Injuries and Ailments

Injuries and ailments can rob an individual of some part of their life.  This is true for physical and emotional and spiritual ailments and injuries.  A broken leg or a broken heart or a broken relationship, each of these are an injury or an ailment.  Each of these, and others, steal some portion of our lives and leave us left with less for ourselves.

Injuries sap our energy.  When a person has a physical ailment of some type or an injury or is recovering from surgery, the body’s healing of itself takes some energy.  The body triggers a fatigue response when muscles or bones are on the mend.  This leaves less energy for you.  A broken spirit can leave you just as fatigued.

These things also steal your attention, consume your waking hours and even haunt your dreams.  In the extreme, the entire focus of your life is directed toward not yourself but your ailment.  The longer this diversion persists, the more of your life that slips away, irretrievably, until “it” becomes your life, whatever “it” is.

Don’t let your injuries, your ailments, define you. Heal, move on, and live.

2020

Mr. Zimmerman, one of my high school English teachers, presented our class with his paradigm for life at the beginning of the school year, as, I am sure, he did for each year’s class before us. I imagine he continued this tradition for each year’s class after us until he became Harry S. Truman High School’s principal. Despite it being one of the cheesier life plans one will ever encounter, I remember it fondly.

He first drew on the chalkboard (yes, we used chalkboards back then) a circle and then drew three lines through the circle, dividing that circle into six equal sections. In the top three sections he wrote the letters “P”, “I”, and “E” and he filled in the bottom three with “S”, “M”, and “C”, like this:

Mr. Zimmerman went on to explain the meaning of this diagram of his, maintaining that each slice of the “pie” represented a different aspect of our lives and that the slices ought to be all about the same size and that we ought to devote equal attention to each slice.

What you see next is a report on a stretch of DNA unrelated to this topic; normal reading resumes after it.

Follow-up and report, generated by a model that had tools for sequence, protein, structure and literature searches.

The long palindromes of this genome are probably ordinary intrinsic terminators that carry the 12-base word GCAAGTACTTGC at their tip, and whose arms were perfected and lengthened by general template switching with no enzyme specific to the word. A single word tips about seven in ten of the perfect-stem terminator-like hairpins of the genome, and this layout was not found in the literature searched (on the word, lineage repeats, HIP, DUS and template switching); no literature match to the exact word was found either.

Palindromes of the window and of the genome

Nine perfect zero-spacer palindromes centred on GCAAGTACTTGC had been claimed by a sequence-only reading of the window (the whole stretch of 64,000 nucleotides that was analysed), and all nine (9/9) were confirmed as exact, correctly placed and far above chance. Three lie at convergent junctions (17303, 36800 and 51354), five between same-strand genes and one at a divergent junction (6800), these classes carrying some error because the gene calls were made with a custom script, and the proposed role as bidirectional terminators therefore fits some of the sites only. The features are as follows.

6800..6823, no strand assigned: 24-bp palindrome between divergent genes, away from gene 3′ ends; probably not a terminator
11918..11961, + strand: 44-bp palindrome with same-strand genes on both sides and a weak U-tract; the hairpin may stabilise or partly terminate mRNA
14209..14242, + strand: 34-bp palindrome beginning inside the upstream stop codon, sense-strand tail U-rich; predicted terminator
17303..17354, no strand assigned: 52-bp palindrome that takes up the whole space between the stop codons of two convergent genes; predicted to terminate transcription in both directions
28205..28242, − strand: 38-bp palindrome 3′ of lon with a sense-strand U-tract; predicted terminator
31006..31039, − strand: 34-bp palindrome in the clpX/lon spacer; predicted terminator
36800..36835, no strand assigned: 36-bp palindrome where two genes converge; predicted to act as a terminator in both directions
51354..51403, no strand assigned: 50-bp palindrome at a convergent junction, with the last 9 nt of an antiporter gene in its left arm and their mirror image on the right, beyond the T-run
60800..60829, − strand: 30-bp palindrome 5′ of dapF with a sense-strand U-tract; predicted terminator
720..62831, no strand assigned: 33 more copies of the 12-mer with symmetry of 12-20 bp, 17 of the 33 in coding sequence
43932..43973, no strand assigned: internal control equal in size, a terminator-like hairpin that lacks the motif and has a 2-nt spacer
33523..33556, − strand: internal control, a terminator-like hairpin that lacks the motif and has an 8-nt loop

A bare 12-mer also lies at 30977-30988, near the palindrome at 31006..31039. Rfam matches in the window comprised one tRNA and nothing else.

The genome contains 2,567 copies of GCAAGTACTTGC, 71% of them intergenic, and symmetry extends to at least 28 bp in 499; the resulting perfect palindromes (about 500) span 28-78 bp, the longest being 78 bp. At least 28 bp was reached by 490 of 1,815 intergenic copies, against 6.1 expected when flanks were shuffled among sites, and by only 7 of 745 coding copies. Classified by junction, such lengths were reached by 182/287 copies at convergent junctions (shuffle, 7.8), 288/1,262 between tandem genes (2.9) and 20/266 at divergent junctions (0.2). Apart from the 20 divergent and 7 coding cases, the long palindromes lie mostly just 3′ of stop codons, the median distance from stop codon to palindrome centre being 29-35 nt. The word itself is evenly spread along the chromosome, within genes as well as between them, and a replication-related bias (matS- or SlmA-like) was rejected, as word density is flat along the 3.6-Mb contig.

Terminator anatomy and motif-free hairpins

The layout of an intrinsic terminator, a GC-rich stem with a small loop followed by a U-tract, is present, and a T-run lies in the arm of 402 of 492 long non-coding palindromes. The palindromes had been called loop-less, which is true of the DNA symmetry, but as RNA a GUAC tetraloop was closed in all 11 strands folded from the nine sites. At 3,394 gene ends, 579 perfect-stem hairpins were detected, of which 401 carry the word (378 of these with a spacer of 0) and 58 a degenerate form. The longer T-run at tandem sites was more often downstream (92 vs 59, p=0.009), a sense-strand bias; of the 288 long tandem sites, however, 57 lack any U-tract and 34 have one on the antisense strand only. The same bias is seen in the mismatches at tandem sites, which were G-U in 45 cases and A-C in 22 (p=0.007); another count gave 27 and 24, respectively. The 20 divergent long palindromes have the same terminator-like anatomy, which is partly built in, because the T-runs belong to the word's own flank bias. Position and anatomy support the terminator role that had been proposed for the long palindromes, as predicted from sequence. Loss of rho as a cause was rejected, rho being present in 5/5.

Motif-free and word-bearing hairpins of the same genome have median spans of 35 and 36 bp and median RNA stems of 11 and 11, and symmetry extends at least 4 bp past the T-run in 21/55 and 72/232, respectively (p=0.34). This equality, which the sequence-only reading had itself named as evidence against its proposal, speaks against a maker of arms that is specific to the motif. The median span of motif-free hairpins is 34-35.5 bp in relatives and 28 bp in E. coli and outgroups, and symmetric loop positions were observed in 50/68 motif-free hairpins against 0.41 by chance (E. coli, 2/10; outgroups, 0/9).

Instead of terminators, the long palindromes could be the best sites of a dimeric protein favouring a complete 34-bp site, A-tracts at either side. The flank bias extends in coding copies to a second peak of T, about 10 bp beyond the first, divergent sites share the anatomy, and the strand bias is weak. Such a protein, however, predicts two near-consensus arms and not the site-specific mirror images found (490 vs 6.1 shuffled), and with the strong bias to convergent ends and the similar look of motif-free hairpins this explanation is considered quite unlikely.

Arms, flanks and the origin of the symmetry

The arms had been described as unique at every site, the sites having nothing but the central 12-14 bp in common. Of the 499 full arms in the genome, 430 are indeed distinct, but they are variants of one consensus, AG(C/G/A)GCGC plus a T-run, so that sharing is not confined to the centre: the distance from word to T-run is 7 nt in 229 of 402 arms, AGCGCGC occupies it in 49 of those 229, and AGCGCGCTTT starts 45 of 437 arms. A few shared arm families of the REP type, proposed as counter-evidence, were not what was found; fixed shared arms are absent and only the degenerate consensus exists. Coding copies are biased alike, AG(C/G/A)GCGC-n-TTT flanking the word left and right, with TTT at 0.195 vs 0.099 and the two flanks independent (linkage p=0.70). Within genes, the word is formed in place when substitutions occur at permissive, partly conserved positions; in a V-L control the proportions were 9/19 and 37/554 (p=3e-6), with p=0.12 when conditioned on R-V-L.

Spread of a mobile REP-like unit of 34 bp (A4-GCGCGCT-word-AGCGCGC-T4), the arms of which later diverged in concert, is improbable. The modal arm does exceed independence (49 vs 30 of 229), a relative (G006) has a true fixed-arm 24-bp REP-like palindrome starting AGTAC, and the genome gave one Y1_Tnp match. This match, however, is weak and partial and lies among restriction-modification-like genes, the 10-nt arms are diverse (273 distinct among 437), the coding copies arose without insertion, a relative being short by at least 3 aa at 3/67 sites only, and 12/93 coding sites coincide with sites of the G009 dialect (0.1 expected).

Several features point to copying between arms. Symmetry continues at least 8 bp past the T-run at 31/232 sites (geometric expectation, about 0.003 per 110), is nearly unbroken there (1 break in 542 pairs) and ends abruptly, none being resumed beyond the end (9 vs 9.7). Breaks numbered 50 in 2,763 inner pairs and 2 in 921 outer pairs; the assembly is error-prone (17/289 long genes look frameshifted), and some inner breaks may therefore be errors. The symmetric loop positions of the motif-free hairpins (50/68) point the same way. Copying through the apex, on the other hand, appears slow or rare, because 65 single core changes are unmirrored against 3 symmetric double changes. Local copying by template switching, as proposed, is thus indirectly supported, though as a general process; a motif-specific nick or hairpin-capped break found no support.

So, in memory of Mr. Zimmerman, here is what I plan for my slices in 2020:

Physical – Mr. Zimmerman was not really big on the physical fitness aspect of life. He was, after all, a high school English teacher. He did, though, recognize the importance of being physically active and physically engaged. I have a number of physical goals for this coming year. I want to continue running and aim to compete in a half marathon, at least. I also plan to run 700 miles over the course of the year, quite an increase over what I ran in 2019. Who knows, maybe I’ll even take up yoga.

Intellectual – The need to stay focused and not wander randomly is my main intellectual challenge. For 2020, I will keep my reading centered largely on classics which I have heretofore neglected. I will start with Shakespeare’s Henry VI trilogy and Richard III. To those I will add just a few current novels and finish Ron Chernow’s Alexander Hamilton and read Plutarch’s Lives. This past year I read Republic and a few other works by Plato. I would like to follow that up in 2020 with Aristotle’s Nicomachean Ethics, if I can find a translation that makes sense to me.

Emotional – I am a fairly even person emotionally, not out of control on the upside nor the downside. So, for 2020, I guess it will be steady as as (s)he goes. Or, perhaps, what would do me some good would be more emotional involvement in the world around me and, with it, more emotional maturity. Maybe I need to open myself up to experiencing life’s highs and lows more. Laugh more, cry more. More weddings and funerals in 2020?

Social – While I am not a very social person, I am not anti-social, either. I guess you could call me “asocial” if you want to call me anything. As I become more emotionally involved with the world around me, I expect that I will shorten the social distance between myself and others. I know I should want to be more social, but, in reality, I am happy as I am now.

Moral – The more I look at myself, the more I see the need for a more moral me. Morals, after all, are the animating force behind a person’s actions, or at least should be. A more moral me would be a more outraged me and a more compassionate me and a more socially engaged me and a more emotionally charged and mature me. It will begin with a more moral me.